Future debates over sanctioning war will be better informed by Heinbecker’s recollections, and his reflections throughout the book on our relationship with the U.S., developed from close personal diplomatic engagement, are also wise. But I found myself wanting more memoir. His anecdotes tease rather than satisfy, and feel hindered by diplomatic restraint. For better or worse, Canada rarely produces government insider tell-alls, so, unsurprisingly, Kissinger-esque Heinbecker is not.
Provocatively, this restraint is only lifted when reviewing Harper’s foreign policy, on which Heinbecker is scathing. Harper’s foreign policy has “tended to compensate for inexperience with ideology, to subordinate substance to communications, and to privilege partisan advantage over national interests.” His front-bench and regularly rotating foreign ministers have lacked experience, Heinbecker argues. His regular and unpredictable changes in diplomatic direction, and his disbanding of many foreign policy initiatives for which Canada has become respected, have aggravated our allies. And, according to Heinbecker, his exploitation of international affairs for partisan political purposes—on issues such as capital punishment, Israel and Palestine, human rights and Canadians held prisoner abroad—have added to the perception that he does not take foreign policy seriously.
(Wherever one stands on any of the individual critiques, they collectively provide a good starting point for understanding why we lost the election to the UN Security Council this past October.)
In the second part of the book, Heinbecker reviews the foreign policies of previous federal governments. This is useful as a generic outline, but the lack of overarching themes or lessons means it adds little to the established historical narrative, with the notable exception of an assertive defence of the UN. Rather than making the oft-heard case that the UN is the least bad option for global governance, Heinbecker convincingly argues that it provides a necessary hub for the international community that cannot simply be replaced with regional organizations and ad hoc initiatives. This is a rare moment when emotion enters onto the page, and it reads elegantly.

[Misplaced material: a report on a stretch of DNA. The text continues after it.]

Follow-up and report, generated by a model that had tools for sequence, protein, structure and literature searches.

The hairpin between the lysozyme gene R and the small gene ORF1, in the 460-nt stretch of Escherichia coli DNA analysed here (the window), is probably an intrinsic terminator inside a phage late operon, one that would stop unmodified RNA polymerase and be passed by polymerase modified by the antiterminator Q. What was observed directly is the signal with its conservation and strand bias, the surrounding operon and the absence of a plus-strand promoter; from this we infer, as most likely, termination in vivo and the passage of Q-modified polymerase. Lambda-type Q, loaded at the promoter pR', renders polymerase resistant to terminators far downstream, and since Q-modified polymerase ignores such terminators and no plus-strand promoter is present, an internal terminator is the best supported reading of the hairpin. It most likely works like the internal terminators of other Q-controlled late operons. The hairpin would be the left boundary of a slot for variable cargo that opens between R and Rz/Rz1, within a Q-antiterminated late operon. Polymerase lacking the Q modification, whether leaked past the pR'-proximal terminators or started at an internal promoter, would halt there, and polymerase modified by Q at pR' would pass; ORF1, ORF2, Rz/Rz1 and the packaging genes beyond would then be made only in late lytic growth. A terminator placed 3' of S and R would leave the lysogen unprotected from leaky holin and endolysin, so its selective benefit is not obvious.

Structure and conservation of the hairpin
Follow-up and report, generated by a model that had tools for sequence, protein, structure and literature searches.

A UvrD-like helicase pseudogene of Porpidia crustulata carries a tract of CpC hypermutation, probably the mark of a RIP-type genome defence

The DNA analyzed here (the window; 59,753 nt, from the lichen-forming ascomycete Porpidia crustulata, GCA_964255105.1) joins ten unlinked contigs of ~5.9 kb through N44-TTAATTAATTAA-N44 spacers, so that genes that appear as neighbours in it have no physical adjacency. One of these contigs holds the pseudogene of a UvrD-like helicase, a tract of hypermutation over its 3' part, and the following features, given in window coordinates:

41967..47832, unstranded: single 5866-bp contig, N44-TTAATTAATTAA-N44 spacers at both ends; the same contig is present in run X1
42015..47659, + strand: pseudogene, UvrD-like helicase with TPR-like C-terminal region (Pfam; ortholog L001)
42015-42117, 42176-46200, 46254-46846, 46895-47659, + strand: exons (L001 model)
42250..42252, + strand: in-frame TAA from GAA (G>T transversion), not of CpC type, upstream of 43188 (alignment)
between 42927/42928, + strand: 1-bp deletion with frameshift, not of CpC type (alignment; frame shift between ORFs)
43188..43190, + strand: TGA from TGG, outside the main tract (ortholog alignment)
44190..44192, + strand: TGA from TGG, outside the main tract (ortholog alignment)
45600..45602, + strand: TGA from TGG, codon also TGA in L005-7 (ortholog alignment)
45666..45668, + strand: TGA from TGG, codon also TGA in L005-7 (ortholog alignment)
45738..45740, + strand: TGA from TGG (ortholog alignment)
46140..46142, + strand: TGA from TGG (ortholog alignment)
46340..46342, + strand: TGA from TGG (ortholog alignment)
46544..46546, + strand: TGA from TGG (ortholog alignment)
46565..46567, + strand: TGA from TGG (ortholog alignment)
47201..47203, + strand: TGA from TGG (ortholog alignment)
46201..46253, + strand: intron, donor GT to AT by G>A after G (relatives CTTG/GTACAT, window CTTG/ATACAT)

The final third, and primary objective, of the book is devoted to a “playbook” for Canadian foreign policy. Here Heinbecker lays out a sensible, moderate, middle-of-the-road mix of policies. The diplomat’s voice comes through loud and clear. But the problem with moderate, sensible prescriptions is that they are rarely innovative.
On policy stagnation in Ottawa, for instance, we are told we need prime ministerial leadership, a respected finance and foreign minister, more resources for DFAIT, and the operation of the Canadian International Development Agency subsumed under Foreign Affairs. This is all fine, but what should these institutions be doing differently? Surely the problems lie deeper that the size and influence of government bureaucracies. Why is it, for example, that successful young people increasingly do not see the public service as an attractive career? How did CIDA get to its current operational stasis? What does it mean that we have provinces, corporations and non-profits actively defining the Canadian brand abroad? Will reverting to pre-1990s budget allocations and providing greater political leadership really address these and the many other core challenges?
On Afghanistan, by far Canada’s most significant foreign initiative in a generation, we only get two recommendations: no arbitrary withdrawal deadline and a national and parliamentary debate on what to do in 2011. The brevity of these proposals is understandable as few have good solutions for what is an intractably challenging conflict (although both are already out of date, we now have a timeline, established with no debate). But surely these very challenges, and the effects they have had on our role in the world, could be explored. Heinbecker offers no discussion about, for example, how the mission has fundamentally transformed the capacity and purpose of our military, or how it has confirmed our shift from a neutral third-party peacekeeper to a more assertive peacebuilding role that merges development and counterinsurgency, or how it has highlighted the types of conflict we are more likely to face around the globe, or how it has demonstrated the serious operational deficiencies of the efforts led by both NATO and the UN.